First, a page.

Did the apostles ever persecute any one? Or did Christ ever deliver any one over to the secular power? Christ commands us to flee persectors, (Matt. X.:23). Thou who calls thyself a disciple of Christ oughtest not to imitate the deeds of the heathen. Think you thus to serve God by destroying us with your hands? Ye err, ye err, poor mortals, if ye believe this; for God has not executioners for His priests.

Christ persecutes no one, for He was for inviting, not forcing men to the faith. Our Lord Christ says: No man come unto me unless the Father who sent me draw him. But why do you not permit every man to follow his own free-will, since God the Lord himself has bestowed this free-will upon man? He has simply the way of righteousness, that none might be lost through ignorance.

Christ, in dying for men, has given Christians the example to die, but not to kill. Christ teaches us to suffer wrong, not to requite it. The apostle tells us of what he had endured, not of what he had done to others. But what have you to do with the princes of this world, in whom the Christian cause has only found enemies? (Augustin Contra Petilana, in Ladners Gospel Testimony, also Neander)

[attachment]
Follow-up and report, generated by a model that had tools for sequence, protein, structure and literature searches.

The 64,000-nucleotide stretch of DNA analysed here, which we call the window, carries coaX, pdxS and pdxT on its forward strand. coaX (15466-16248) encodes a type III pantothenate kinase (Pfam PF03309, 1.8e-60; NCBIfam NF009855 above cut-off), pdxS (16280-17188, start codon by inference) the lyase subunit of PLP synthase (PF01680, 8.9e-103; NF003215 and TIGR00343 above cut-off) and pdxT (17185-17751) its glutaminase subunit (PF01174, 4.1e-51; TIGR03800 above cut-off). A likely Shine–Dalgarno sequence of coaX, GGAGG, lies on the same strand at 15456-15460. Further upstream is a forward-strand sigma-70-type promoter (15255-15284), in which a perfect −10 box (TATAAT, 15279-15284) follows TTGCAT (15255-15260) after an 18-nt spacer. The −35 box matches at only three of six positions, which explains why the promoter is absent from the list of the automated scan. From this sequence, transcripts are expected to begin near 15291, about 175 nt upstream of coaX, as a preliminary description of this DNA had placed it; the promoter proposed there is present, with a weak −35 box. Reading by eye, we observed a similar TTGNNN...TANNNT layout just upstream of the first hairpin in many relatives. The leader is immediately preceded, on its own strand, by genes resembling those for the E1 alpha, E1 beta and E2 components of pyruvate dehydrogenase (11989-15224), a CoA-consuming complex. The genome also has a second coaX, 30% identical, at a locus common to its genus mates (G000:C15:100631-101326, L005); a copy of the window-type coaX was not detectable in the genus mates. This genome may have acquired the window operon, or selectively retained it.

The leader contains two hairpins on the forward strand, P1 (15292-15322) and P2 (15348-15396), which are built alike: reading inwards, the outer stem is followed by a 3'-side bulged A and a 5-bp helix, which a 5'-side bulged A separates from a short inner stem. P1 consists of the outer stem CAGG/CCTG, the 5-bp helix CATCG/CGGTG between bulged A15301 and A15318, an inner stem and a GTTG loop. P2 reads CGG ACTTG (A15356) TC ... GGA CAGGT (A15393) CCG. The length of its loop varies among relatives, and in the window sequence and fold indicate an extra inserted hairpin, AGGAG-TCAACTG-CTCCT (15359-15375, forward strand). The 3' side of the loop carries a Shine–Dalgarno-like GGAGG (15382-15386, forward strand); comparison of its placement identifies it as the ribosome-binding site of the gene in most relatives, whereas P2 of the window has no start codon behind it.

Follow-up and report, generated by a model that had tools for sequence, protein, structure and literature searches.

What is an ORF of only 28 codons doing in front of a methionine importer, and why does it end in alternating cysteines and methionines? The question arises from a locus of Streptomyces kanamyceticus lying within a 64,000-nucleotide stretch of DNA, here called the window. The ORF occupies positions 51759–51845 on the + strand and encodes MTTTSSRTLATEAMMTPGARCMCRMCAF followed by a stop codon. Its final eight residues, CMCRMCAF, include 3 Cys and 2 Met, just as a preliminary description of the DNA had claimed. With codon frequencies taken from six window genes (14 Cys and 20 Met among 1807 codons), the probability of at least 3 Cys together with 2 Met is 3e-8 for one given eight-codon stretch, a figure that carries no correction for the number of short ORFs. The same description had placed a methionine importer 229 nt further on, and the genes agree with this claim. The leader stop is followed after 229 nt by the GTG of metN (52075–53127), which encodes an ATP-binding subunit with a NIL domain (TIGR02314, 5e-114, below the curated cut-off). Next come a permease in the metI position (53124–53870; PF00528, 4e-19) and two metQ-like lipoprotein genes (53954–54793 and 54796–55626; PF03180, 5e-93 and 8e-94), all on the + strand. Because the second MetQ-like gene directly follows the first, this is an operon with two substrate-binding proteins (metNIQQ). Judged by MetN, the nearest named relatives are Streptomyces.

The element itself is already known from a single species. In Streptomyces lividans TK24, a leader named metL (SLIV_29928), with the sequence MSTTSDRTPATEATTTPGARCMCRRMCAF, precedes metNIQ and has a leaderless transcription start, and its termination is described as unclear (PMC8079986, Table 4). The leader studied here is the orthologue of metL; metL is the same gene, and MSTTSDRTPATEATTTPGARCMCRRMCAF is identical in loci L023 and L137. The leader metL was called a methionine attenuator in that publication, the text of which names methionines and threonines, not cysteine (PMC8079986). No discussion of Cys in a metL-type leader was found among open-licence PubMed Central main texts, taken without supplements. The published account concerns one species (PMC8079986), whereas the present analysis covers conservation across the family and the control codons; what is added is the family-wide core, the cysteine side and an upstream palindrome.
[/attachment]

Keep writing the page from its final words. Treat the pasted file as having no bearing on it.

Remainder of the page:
Balthasar Hubmaier, a famous Anabaptist [FreeWill]

If thou wilt enter the life, keep the commandments; if ye want to live according to the flesh, ye will die; if ye will walk according to the spirit, ye shall live. Hence arose the proverb of the ancients: Man, help thyself, and then I will help thee. God speaks forth and gives strength through his Word. Now through the power of the Word man can help himself--or can willfully neglect to do so--and this is brought home to him.